Disc three houses the special features. The format is pretty much the same was with the previous two volumes. That's by no means a complaint, as these releases have done a nice job of rounding up old B&B tidbits, as well as adding some newly produced supplements to the mix. First up is a selection of music videos with B&B commentary. A real point of contention among many fans has been the omission of the music video segments from the episodes. The expense of music licensing for scores of artists was too much for MTV. While it would be great to have all that material in place (some of the boys' best moments came during those segments), it is understandable I guess. The compromise has been to include a handful of music videos on each volume, giving a nice representation of the wide-ranging topics B&B would discuss (sometimes they focused on the content of the video they were watching, sometimes their commentary would veer off to something entirely different). Volume Three has 15 music video segments, running a combined 27 minutes. The 'Play All' option is a welcome touch.
Next up on disc three is the original, uncut Frog Baseball – the cartoon that started it all. This was Beavis and Butt-head's first appearance. It is most valuable as a historical artifact. There really isn't much to it (it runs well under 3 minutes total). Everything about this short is crude and not all that representative of what the show would develop into. Actually, the meaner personas the boys exhibit here are pretty much in line with the very early episodes. But since Mike Judge has elected not to release many of those early cartoons, new fans are likely to be shocked by Frog Baseball — not necessarily by the animal cruelty depicted, but by how different the characters come across when compared to the late-era episodes collected on discs one and two.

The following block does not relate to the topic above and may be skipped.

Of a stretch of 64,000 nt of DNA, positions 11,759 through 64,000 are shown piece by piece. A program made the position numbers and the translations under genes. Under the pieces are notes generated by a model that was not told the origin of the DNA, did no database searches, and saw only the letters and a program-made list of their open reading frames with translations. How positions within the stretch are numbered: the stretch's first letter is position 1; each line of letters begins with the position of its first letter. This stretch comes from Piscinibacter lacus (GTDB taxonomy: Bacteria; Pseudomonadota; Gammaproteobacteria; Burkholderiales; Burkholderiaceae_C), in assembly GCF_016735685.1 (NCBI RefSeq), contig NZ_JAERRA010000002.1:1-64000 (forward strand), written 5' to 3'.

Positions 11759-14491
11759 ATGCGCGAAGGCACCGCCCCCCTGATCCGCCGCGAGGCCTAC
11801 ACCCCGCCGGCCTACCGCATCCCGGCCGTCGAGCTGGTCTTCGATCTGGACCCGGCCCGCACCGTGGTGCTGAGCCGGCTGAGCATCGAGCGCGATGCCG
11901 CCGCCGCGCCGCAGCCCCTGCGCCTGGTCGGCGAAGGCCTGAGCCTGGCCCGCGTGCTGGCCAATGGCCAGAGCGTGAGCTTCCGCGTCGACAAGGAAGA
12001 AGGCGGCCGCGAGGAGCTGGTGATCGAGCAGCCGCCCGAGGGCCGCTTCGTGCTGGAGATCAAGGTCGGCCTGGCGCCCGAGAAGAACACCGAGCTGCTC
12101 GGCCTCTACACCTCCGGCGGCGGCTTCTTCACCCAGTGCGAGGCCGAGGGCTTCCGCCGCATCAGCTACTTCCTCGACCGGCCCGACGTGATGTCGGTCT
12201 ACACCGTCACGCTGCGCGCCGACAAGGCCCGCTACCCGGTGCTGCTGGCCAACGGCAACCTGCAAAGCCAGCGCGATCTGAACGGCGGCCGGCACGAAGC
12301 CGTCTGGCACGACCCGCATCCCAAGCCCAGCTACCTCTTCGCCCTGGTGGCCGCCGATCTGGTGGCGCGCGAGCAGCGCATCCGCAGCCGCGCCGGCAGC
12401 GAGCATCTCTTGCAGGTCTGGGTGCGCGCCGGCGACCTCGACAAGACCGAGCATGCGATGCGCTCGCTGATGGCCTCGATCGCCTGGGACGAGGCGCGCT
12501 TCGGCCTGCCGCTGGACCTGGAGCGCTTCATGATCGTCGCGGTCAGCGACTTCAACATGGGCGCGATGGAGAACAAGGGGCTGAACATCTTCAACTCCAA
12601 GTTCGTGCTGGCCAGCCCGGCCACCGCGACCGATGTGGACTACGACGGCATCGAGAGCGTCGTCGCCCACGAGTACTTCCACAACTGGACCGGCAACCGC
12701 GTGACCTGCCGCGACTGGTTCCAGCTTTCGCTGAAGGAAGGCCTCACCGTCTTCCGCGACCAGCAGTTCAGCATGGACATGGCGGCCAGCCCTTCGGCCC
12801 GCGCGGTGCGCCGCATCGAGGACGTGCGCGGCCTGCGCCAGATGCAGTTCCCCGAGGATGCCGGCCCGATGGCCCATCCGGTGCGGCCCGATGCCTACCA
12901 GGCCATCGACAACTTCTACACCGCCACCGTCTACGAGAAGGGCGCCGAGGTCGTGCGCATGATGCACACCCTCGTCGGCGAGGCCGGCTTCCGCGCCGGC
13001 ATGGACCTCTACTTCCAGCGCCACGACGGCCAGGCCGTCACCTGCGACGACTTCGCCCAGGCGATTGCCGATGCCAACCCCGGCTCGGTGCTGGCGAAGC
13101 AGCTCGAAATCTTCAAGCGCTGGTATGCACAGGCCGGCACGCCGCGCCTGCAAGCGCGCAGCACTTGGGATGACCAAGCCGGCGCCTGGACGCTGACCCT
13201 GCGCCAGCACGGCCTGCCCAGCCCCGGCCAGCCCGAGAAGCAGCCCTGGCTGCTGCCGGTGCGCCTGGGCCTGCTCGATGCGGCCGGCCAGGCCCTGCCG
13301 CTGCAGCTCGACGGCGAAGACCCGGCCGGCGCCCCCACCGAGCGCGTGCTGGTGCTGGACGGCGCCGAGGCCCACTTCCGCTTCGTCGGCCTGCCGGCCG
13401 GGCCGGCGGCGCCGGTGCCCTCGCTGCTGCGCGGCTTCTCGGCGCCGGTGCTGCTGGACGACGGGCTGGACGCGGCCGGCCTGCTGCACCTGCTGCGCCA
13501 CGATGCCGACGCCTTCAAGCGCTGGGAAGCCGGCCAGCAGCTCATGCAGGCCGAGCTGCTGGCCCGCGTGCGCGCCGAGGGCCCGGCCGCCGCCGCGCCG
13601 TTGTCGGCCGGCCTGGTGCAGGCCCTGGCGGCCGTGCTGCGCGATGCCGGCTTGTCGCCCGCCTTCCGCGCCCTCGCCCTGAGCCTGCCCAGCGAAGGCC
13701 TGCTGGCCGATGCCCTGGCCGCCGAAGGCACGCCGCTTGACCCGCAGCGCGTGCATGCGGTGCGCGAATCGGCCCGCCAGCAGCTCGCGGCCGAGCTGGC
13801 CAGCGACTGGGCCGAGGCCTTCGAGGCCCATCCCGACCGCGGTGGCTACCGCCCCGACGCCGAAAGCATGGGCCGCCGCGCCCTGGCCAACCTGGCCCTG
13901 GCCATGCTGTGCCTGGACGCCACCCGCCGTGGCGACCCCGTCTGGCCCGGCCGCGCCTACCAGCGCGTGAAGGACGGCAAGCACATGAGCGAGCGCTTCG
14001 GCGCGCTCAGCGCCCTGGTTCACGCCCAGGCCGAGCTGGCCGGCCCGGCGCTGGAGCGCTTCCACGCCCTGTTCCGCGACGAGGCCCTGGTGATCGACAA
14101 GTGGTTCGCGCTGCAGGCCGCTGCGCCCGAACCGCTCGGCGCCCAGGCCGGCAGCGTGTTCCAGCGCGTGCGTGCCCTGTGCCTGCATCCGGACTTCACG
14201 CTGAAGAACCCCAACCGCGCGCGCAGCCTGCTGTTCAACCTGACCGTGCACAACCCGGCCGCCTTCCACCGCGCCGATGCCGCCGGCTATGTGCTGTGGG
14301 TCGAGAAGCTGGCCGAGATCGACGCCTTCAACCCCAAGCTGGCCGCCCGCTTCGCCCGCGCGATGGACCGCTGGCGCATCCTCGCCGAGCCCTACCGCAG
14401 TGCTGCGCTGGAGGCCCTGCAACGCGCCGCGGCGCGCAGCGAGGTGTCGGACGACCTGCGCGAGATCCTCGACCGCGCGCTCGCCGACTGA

Taint of Greatness: The Journey of Beavis and Butt-head, Part 3 concludes the retrospective documentary that began on Volume One. This 24-minute piece follows the same format as the previous two installments, mostly interview clips with Mike Judge and others who worked on the series, mixed with clips from episodes (far too many, in my opinion). Here you can see Mike Judge discussing how he was feeling bored by the series in it's final two seasons. We see a few brief shots of him in the studio voicing the characters — far too little, I would've loved to seen more of that.
Many 'Special Appearances' are found on disc three. The funniest stuff is Christmas-themed. The "Letters to Santa Butt-head" is really hilarious — and was originally part of the hour-long B&B Christmas special. Also included are a few short clips from the 2005 VMAs that constituted B&B's return to MTV – the first new material since the series ended. Nice to have, even if Judge can't quite do Beavis's voice like he used to. Rounding out the set are some promos including a few priceless clips of Mike Judge directing the boys on the set of the movie. Also noteworthy: there are newly done promos that were shown in '05 when MTV was promoting the first of these Mike Judge Collection DVDs. In the final one of these promos the infomercial "Decade of Power," featuring Billy Dee Williams interviewing Beavis and Butt-head to promote Volume One, is mentioned. Considering that the infomercial had a considerable amount of new B&B material, it's a shame that MTV did throw that on the DVD as well.
We fans can only hope that Mike Judge eventually sees fit to release the remaining episodes on DVD. But until then, Beavis and Butt-head: The Mike Judge Collection Volume 3 provides plenty of laughs.Powered by Sidelines